Role Model- Shirley McCay MBE

Role Model- Shirley McCay MBE

Shirley McCay MBE

Pegasus Hockey

Shirley McCay does a little bit of everything when it comes to the sport of Hockey. She is a coach, and an athlete and works as a talent manager for Ulster Hockey. She has been a force to be reckoned with as the most capped athlete in Ireland with 316 caps since her debut in 2007.

Shirley started playing hockey at the age of 12-13 in secondary school because of a PE teacher who loved the sport and encouraged her students to play. She talked about how she loved the skill involved in the sport along with the team aspect that allowed her to make friendships. While Shirley’s hometown in Omagh wasn’t the mecca for hockey it is where she got her start. While in school, she played on the Omagh Academy Team winning the Ulster Senior Schoolgirls’ Cup and Kate Russell All-Ireland Schoolgirl Championships in 2005. With her first international cap in 2007, Shirley started creating a long list of accolades.

Looking back on her long tenure in hockey, the moment of one of her proudest achievements was playing in the Olympics and being able to call herself an Olympian. When asked about setbacks in sports, Shirley commented that it took three times to qualify for the Olympics- making the appearance at the Tokyo Olympic games such a great final international appearance for Shirley’s career!

Those setbacks of not qualifying made the team become stronger as they learned to push through loss. Skills like that create a great team and make a lasting impact. It was the games after losing in sudden death to China in 2016, that the team worked together to support each other. “The beauty of team sports is that you’re all feeling the same way and your emotions are the same. It is friendship and your teammates that helped. We helped each other.” That is how you work through challenges by relying on your team.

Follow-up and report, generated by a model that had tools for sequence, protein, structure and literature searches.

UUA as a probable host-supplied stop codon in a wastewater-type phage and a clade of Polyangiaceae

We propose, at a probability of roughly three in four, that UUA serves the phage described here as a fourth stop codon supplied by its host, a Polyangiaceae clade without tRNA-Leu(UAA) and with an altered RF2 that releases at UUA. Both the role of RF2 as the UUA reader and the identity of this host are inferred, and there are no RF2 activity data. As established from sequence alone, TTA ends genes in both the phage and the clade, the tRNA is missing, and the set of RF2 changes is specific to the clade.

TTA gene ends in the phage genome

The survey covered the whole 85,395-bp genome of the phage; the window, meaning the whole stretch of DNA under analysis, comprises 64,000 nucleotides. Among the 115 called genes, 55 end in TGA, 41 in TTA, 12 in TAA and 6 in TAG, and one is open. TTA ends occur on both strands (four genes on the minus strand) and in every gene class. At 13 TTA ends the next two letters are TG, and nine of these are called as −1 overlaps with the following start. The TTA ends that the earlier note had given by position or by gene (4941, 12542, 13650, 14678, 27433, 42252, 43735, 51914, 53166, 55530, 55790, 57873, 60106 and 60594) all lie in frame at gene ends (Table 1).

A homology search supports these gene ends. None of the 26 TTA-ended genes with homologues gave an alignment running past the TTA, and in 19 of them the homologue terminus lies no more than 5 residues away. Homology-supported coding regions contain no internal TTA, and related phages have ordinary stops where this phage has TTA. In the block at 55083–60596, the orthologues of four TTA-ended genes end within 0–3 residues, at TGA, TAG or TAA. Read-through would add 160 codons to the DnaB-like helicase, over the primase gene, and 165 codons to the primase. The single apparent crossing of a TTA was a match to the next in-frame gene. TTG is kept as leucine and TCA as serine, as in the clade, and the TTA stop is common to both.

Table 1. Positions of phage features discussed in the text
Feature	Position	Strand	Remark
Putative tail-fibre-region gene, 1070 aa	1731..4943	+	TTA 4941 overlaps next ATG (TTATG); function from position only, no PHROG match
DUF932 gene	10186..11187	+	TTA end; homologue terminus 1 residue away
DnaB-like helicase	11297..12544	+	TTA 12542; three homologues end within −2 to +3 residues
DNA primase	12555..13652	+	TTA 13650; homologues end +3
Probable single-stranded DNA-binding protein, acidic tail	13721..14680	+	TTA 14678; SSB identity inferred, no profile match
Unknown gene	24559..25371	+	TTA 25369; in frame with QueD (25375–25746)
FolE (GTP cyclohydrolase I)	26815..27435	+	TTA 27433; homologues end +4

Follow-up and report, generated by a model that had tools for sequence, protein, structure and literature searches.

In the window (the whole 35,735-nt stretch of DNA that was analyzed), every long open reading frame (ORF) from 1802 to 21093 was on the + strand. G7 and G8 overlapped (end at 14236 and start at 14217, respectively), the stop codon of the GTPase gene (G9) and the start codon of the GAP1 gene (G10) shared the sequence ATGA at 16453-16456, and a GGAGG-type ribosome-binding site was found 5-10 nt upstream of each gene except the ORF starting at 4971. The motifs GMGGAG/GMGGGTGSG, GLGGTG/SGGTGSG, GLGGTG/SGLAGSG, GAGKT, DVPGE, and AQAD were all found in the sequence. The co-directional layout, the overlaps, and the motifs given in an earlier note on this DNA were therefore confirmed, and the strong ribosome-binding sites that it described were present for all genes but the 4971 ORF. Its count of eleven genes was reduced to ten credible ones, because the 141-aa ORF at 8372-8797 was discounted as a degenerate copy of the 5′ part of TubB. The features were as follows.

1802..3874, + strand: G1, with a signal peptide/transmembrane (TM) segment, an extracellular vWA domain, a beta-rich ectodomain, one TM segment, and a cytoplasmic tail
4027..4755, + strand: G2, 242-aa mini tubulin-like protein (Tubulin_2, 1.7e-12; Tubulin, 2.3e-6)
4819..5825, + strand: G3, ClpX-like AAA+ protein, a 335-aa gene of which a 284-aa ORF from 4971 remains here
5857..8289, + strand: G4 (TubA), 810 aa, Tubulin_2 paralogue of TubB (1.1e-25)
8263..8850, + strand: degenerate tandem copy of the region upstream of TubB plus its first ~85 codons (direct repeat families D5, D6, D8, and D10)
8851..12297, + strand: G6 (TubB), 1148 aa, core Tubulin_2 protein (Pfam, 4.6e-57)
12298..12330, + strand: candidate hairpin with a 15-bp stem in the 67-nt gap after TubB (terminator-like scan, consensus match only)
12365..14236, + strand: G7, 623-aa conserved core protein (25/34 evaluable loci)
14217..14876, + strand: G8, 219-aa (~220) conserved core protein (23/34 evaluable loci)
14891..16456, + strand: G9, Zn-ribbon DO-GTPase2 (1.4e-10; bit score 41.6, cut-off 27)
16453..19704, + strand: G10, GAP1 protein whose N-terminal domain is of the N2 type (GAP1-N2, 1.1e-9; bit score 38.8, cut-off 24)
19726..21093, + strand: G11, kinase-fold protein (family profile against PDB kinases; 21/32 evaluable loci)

Shirley is such an inspiring role model and when asked what she takes away from being involved in sports she talked about social interactions, the positive effects on her mental health and her ability to create lifelong friendships with her team. It was a team member when she first made it to the National Team she looked up.  The captain at the time, Linda Caufield, was someone that Shirley looked up to, it is those older members of the team that when you join always are such motivators. Those peer role models are who push you when playing. What makes sports enjoyable is having relationships with people on and off the field.

The advice she gives to younger players is “there’s that saying, like talent will get you in the room but hard work will keep you there. [It’s] definitely a big thing for me. I’d be a big advocate of that work ethic and doing the small things to get you where you want to be. I’d also say that it’s important to enjoy what you do. So, if you’re in a sport or you’re in an environment where you’re enjoying and having fun, then that’s where you’ll be at your best.”

As Shirley has moved into a role as a Coach, she loves that she is able to help develop younger players. Along with finding a career that allows her to stay involved in the sport that has been such a huge part of her life. The Female Sports Forum is excited to share Shirley as a Role Model! If you have an interest in getting involved check out Ulster Hockey’s Website.